1. The college may require two years of foreign language in high school.  Some may require only one year. Check the college’s web site. Check with your high school counselor. Ask the high school counselor if you are on track.  If not, what courses can be taken at the high school to place you where you want to be?
    2. Some colleges require you take a standardized test as part of the admissions requirements.  The two most common are the SAT and the ACT.
    3. Some colleges require a secondary standardized test call the SAT subject test.
    4. These options require the college bound student/family to set up a test taking plan of action.  When will I take the test?  What are my preparations for the test?  What dates are the tests given?
    5. Your Grade Point Average is KING.  Not where you want to be?  Then take action!  Get help, don’t give up!
    6. Test preparation companies can be very helpful towards maximizing your test scores.  Your GPA has been proven to be the real indicator of your success in college, but having your test scores matching your GPA will help in most college admissions departments. 
  6. First College List - Narrow down your long college list to a shorter college list.
    1. Check out the college via a video tour of the campus.
    2. Contact the college and request information to research the college.
    3. High school counselors and private counselors can be very valuable to a college bound student/family at this stage of the process.
    4. Attend your high school’s or other high schools’ college fairs. 
  7. College Visitations - Visit some or all of the colleges on your list.
    1. Visit college campuses early and often.  For those very proactive students/families, a college visitation can be done as early as the freshman or sophomore year of high school, but are most frequently done in the junior year of high school.
    2. The ideal is to visit before you apply so that you do not apply to colleges that don’t meet your “fit”.
    3. Create a series of questions that you will ask every college you visit and keep a record of their answers.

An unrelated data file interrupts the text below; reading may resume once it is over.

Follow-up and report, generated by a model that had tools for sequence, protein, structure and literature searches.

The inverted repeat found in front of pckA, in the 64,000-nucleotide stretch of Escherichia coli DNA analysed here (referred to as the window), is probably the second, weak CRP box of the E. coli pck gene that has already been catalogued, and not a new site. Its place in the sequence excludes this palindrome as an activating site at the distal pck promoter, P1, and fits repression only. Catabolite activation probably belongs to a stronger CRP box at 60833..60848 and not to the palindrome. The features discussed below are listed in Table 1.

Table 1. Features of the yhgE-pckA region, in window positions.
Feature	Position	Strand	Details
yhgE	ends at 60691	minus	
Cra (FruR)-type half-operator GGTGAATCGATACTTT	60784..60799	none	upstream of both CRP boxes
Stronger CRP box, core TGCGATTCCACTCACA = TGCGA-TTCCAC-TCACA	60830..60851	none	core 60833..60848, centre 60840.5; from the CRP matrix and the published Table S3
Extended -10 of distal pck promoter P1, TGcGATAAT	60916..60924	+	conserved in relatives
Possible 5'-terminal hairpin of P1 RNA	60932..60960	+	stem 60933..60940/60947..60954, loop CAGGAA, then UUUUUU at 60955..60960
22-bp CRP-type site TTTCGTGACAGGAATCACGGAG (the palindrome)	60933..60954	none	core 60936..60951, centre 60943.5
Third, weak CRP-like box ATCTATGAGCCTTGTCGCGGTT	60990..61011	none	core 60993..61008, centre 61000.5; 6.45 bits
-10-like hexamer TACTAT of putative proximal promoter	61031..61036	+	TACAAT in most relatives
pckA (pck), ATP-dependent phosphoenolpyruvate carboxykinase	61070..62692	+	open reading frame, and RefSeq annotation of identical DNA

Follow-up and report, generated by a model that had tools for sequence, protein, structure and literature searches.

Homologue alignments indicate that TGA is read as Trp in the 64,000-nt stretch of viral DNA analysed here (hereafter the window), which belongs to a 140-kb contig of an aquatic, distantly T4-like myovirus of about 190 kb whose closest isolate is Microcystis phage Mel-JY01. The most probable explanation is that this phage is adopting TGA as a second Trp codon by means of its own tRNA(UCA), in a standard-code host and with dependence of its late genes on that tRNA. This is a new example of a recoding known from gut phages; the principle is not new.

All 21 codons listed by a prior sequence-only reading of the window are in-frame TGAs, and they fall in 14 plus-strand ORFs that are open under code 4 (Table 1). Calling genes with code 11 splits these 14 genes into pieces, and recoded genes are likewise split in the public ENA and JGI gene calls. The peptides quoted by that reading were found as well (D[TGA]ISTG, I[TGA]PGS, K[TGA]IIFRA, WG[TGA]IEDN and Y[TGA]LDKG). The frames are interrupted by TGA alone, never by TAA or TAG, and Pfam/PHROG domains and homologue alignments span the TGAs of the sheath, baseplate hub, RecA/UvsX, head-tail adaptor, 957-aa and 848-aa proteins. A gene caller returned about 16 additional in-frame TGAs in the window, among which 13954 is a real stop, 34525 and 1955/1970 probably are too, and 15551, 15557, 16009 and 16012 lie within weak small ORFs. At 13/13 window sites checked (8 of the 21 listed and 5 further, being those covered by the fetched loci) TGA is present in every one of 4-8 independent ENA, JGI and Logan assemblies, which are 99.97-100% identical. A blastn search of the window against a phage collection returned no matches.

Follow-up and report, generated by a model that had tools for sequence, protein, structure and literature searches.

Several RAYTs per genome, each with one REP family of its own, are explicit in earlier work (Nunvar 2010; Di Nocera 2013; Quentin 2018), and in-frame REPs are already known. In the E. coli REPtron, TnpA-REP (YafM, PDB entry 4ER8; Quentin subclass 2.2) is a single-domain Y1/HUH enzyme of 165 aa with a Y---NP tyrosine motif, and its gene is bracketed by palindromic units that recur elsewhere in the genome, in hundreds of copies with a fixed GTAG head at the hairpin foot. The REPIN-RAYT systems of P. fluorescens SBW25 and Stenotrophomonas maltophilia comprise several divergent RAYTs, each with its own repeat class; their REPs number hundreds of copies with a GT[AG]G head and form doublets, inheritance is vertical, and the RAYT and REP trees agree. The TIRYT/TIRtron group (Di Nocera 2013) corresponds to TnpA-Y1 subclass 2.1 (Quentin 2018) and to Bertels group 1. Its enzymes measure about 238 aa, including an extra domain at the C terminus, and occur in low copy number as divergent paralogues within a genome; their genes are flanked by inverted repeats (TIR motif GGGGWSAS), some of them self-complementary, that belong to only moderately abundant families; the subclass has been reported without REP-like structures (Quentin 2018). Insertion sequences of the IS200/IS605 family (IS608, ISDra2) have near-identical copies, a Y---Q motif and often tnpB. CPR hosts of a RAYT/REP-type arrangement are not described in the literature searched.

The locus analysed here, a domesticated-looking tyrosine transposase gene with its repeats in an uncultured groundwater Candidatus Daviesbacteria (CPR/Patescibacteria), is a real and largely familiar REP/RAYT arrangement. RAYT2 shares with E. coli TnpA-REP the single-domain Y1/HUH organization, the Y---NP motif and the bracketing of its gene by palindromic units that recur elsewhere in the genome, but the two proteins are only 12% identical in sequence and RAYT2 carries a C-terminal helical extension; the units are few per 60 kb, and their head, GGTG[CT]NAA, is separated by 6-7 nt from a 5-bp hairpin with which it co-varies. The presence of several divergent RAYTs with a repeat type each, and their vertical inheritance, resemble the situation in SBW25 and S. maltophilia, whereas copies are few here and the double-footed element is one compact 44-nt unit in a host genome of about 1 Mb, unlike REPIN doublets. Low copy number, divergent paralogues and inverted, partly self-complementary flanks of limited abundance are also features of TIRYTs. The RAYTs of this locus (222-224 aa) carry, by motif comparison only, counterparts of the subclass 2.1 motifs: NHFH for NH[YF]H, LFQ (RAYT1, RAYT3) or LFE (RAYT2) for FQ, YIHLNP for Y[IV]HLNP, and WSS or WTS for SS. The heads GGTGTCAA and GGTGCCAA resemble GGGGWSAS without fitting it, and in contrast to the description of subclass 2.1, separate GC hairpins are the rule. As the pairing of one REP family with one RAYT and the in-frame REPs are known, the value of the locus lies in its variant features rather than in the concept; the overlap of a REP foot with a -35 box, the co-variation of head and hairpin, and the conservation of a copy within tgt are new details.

4. You must visit a campus before you say “I DO” to a college.  If you have not visited a campus before you applied for admission then visit after you have been accepted - but visit. 
  8. Final College List - Narrow down your college list to the ones to which you will make applications for admissions.
    1. The student/family must make decisions on the final list of colleges.  Counselors will vary here on how many and what type.  The general consensus is six to ten colleges, any one of which you would be happy to attend.  You will have a favorite but apply to places where you will be happy.  Another general consensus would be to apply to one or two “reach” schools, one or two safety schools and the rest as peer schools.  A reach school would be one where your GPA/Test Scores are lower than what a university/college would accept.  A safety school is where your admittance is almost guaranteed.  A peer school is where your GPA/Test Scores are on par with other students in the university/college.  Reference books will give you the answer to these GPA/Test Scores questions.
    2. Accountability about affordability should be used here.   A student may be able to get admitted but can the family afford to support the student attendance?  This is a VERY opinionated point.  Again, a private advisor can be of help. Education will pay for itself eventually, but at what price to the family with multiple children or limited resources is a valid question.  
  9. Admissions Applications - Apply for admission to the colleges.
    1. Check the college’s web site for the admission application.  Download it, follow its instructions, complete it and then transcribe it to the web site or mail it in, depending on what the instructions say.
    2. Common application programs are useful in saving a little time for the student.  See the state’s common application programs and the common application for private colleges. 
    3. Many colleges will require an essay which you should start on early to allow yourself time to create the best essay you can. 
  10. Scholarship Search - Make yourself aware of Scholarship Resources.
    1. Athletic resources are available to approximately ten percent of college bound student/families.  The rules for the system are found in the www.NCAA.org web site.
    2. Internal scholarships are the biggest money producers against the cost of college.  Check the college’s web site for special applications. Be aware that in most colleges your admissions application is also your scholarship application.